us for some wood that will burn.
Back through Menindee and out on to the Pooncarrie Road (one of the roads that was closed when it rained), and we find the secret location for wood (you didn’t think I was going to tell anyone where to find the wood did you, least of all while we are still camping here?)
With the chainsaw in hand, we stock the back of the truck up with some decent wood,(Red Gum) which should be enough to keep us going until we move on. The wood would have made a good didgeridoo the inside had mostly been eaten away so it was beautifully hollow.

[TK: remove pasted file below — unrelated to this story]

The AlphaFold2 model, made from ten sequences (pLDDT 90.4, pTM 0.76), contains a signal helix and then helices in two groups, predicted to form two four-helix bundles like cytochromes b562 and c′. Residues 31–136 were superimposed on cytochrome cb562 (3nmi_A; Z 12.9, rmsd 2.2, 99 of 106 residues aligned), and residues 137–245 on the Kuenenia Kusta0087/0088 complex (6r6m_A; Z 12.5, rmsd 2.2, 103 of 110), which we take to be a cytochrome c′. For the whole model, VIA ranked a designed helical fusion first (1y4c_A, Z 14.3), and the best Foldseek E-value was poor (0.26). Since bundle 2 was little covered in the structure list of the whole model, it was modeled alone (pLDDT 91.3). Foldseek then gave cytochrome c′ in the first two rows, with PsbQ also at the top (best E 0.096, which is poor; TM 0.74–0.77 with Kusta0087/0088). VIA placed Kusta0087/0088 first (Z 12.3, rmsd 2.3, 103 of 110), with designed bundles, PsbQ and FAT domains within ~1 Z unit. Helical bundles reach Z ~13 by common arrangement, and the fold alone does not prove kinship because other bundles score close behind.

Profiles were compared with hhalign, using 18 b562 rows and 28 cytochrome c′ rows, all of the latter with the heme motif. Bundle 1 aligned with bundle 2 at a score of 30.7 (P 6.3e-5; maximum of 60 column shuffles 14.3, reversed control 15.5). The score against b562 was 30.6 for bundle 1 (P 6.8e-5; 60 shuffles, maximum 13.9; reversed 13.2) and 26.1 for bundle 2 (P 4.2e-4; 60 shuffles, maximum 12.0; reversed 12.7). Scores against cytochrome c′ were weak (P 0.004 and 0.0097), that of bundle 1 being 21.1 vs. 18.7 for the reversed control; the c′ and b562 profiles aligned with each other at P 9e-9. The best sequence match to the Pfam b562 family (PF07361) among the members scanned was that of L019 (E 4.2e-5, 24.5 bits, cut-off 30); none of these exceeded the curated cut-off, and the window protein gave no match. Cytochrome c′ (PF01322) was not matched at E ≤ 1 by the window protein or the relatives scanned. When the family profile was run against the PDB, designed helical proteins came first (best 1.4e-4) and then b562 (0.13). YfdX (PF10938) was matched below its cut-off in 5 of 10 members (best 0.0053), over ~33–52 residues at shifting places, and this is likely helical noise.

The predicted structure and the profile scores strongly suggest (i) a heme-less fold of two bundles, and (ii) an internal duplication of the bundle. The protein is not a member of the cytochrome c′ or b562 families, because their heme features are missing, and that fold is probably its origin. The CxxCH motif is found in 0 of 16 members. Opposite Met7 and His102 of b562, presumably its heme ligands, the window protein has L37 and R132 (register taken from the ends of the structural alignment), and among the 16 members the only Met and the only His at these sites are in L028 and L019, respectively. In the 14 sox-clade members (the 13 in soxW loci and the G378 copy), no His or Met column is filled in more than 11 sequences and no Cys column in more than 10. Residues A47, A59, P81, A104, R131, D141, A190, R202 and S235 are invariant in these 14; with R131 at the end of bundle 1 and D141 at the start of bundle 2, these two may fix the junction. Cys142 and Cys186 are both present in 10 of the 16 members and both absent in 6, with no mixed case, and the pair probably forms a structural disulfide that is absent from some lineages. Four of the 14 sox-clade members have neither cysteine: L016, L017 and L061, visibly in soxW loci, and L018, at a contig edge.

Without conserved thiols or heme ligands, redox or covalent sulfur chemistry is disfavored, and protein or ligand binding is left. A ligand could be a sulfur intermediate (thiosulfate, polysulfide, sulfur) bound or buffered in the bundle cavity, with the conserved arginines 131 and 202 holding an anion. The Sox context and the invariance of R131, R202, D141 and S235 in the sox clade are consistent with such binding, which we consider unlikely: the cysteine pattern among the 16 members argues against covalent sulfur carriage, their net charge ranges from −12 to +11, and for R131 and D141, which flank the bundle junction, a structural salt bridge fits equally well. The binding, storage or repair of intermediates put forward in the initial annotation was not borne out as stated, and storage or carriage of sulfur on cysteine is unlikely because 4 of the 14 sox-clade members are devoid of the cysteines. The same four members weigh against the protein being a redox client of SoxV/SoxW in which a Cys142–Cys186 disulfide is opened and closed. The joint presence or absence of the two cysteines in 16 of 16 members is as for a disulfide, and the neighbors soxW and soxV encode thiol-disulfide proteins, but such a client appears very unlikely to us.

Back at camp Andy got the fire on and I made a damper that I had been promising since we arrived, I made it with beer, but I do not think it was my best effort, it did not seem to rise that well, we took it over to Graham and Wendy were it was soon devoured between the four of us with cream and jam.
The rest of the afternoon passed easily and very quickly, Andy knocked
up one of Kangaroo Jacks curries which we shared with Graham and Wendy sat around their camp fire for the fourth night in a row.
Another blanket of stars appeared across the sky, another cold night!